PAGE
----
Celilo Falls was an important center for native trade, culture, and ceremony. For at least 11,000 years, tribes throughout the region, and from as far away as the Great Plains, came to Celilo Falls to trade and celebrate the annual fall and spring returns of salmon. In the early 1800s, …
Summer Fishing Camp on the Columbia
This painting was done in 1884 by J. E. Stuart, a prolific and popular American artist of landscapes, portraits, and American Indians. It depicts a late summer fishing camp on the Columbia River near Celilo Falls. The painting is in the collections of the Oregon Historical Society.
Representations of Indian buildings and structures in Oregon prior to the mid-nineteenth century are scarce, and our visual information of them can be problematic. In the terminology of art history, Indian art of the time was non-representational—it did not attempt to replicate images that the eye actually saw. Representational art was the work of certain European or American artists. Few of these came to the Pacific Northwest until the 1880s, and fewer still were those among them who depicted Indian life. Among these were Lt. Henry J. Warre (1819-1898), the artist on a British military reconnaissance of 1845, and the Canadian Paul Kane (1810-1871), who traversed the region in 1846-1847.
This painting’s visualization of an Indian fishing camp is documentary and representational in style, but is also a carefully crafted visual composition. The clothing reinforces the fact that this was executed well after contact with Euro Americans affected Indian life. The wooden fish drying racks, the temporary tule mat teepees, and the single tentlike shelter accurately represent Sahaptin life in the eastern end of the Columbia River Gorge. In response to seasonal fish runs, Indian families camped close to the rapids and falls near present-day The Dalles to fish for the five species of salmon as they migrated upstream to spawn. The first runs began in April, with the last summer run ending in October. Winter quarters in the Gorge were more substantial lodges, usually formed on a wooden rectangular frame set in an excavated area and covered with several overlapping layers of mats banked with soil. Winter village locations were sited to be above flood levels and protected from the strong winds of the Gorge, while summer camps could be located close to the river’s bank.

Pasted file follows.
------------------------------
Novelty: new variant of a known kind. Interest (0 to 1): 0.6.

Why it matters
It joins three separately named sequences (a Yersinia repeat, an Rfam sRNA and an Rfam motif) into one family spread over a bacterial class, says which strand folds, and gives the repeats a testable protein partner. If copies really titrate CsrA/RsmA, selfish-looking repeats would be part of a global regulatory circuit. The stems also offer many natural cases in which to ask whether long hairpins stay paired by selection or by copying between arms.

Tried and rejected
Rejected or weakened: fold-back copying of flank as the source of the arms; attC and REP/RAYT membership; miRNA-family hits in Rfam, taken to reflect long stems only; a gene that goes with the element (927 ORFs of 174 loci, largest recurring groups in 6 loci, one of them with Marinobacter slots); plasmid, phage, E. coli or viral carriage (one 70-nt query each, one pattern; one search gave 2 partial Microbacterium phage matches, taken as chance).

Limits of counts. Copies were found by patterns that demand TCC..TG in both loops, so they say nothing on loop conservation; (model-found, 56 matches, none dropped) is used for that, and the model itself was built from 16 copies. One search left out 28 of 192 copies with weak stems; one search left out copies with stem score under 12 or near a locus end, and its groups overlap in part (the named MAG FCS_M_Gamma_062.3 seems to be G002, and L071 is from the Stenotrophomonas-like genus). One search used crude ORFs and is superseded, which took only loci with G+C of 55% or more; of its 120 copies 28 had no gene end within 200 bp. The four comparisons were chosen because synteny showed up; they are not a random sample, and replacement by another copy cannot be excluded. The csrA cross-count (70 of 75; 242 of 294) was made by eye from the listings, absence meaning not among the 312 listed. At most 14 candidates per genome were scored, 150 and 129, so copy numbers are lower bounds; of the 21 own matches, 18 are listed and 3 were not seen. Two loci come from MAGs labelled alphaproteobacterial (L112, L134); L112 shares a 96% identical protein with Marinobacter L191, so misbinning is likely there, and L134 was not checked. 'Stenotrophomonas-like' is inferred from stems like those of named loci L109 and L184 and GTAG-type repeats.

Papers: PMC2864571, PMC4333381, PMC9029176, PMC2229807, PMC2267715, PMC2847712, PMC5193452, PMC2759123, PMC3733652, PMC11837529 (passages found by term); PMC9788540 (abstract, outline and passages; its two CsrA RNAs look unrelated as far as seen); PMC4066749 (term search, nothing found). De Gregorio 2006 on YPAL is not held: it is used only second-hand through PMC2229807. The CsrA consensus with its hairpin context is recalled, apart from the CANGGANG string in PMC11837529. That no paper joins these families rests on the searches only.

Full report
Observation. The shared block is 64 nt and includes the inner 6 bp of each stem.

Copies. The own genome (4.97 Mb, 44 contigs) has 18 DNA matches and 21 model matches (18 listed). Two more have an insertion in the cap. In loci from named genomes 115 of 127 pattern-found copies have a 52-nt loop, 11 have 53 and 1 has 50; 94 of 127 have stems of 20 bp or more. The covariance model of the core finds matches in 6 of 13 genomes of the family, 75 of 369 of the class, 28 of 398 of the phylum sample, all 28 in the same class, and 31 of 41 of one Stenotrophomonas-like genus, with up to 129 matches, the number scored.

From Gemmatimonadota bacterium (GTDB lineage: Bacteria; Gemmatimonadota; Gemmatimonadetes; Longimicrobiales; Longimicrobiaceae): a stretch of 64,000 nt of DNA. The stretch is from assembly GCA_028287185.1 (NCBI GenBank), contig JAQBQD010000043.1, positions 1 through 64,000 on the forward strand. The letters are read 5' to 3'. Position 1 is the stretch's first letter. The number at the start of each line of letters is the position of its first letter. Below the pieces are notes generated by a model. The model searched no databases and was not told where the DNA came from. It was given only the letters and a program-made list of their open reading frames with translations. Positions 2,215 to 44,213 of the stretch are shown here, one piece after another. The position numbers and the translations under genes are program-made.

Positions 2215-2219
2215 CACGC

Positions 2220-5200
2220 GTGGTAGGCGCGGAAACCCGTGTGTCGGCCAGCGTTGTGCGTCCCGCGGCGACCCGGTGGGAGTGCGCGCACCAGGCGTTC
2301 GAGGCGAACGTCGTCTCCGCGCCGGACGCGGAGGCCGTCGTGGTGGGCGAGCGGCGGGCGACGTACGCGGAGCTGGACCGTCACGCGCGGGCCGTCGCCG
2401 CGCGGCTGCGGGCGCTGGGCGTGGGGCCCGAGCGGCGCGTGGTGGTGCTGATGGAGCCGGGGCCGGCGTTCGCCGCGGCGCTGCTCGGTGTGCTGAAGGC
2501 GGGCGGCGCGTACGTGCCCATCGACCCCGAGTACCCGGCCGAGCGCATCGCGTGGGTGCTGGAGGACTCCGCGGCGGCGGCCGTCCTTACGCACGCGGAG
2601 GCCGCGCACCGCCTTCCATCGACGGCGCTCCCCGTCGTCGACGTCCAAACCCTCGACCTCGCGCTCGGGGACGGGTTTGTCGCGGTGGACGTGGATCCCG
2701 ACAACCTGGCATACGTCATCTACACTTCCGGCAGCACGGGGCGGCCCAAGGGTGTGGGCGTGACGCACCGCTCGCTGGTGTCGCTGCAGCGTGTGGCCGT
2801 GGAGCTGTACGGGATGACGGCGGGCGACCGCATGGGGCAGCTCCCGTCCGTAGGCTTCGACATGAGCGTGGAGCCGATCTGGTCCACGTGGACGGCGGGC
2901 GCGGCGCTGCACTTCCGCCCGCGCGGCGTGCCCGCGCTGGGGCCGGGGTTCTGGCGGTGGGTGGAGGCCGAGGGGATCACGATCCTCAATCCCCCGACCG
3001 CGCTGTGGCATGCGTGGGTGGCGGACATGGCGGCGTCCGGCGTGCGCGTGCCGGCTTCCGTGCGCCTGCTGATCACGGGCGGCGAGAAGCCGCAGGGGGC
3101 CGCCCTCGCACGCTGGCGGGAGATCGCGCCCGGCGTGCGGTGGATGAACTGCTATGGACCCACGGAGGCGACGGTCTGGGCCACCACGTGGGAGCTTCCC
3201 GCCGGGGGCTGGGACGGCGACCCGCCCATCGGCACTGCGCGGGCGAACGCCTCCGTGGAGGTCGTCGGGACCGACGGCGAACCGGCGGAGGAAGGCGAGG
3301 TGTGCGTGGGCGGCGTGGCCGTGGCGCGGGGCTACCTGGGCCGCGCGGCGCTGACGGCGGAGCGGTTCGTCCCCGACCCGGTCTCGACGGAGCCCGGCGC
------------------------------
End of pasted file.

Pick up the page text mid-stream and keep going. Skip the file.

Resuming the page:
Born in Maine, Stuart came to California with his parents in 1860. He studied art in San Francisco, and first visited the Pacific Northwest in 1876. He moved to Portland in 1881 and operated a studio in Ashland in the early 1880s, but by 1886 he had moved to New York City. Financially successful, he subsequently lived in Chicago and San Francisco, and frequently returned to Oregon, where he was repeatedly drawn to the Columbia River Gorge and Mt. Hood. Although he favored colorful sunsets and picturesque landscapes, he was also noted for his documentation of the details of Indian life.
Boyd, Robert T. People of The Dalles: the Indians of Wascopam Mission. Lincoln, Neb., c1996.
Written by Richard Engeman, © Oregon Historical Society, 2005.
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This entry was last updated on March 17, 2018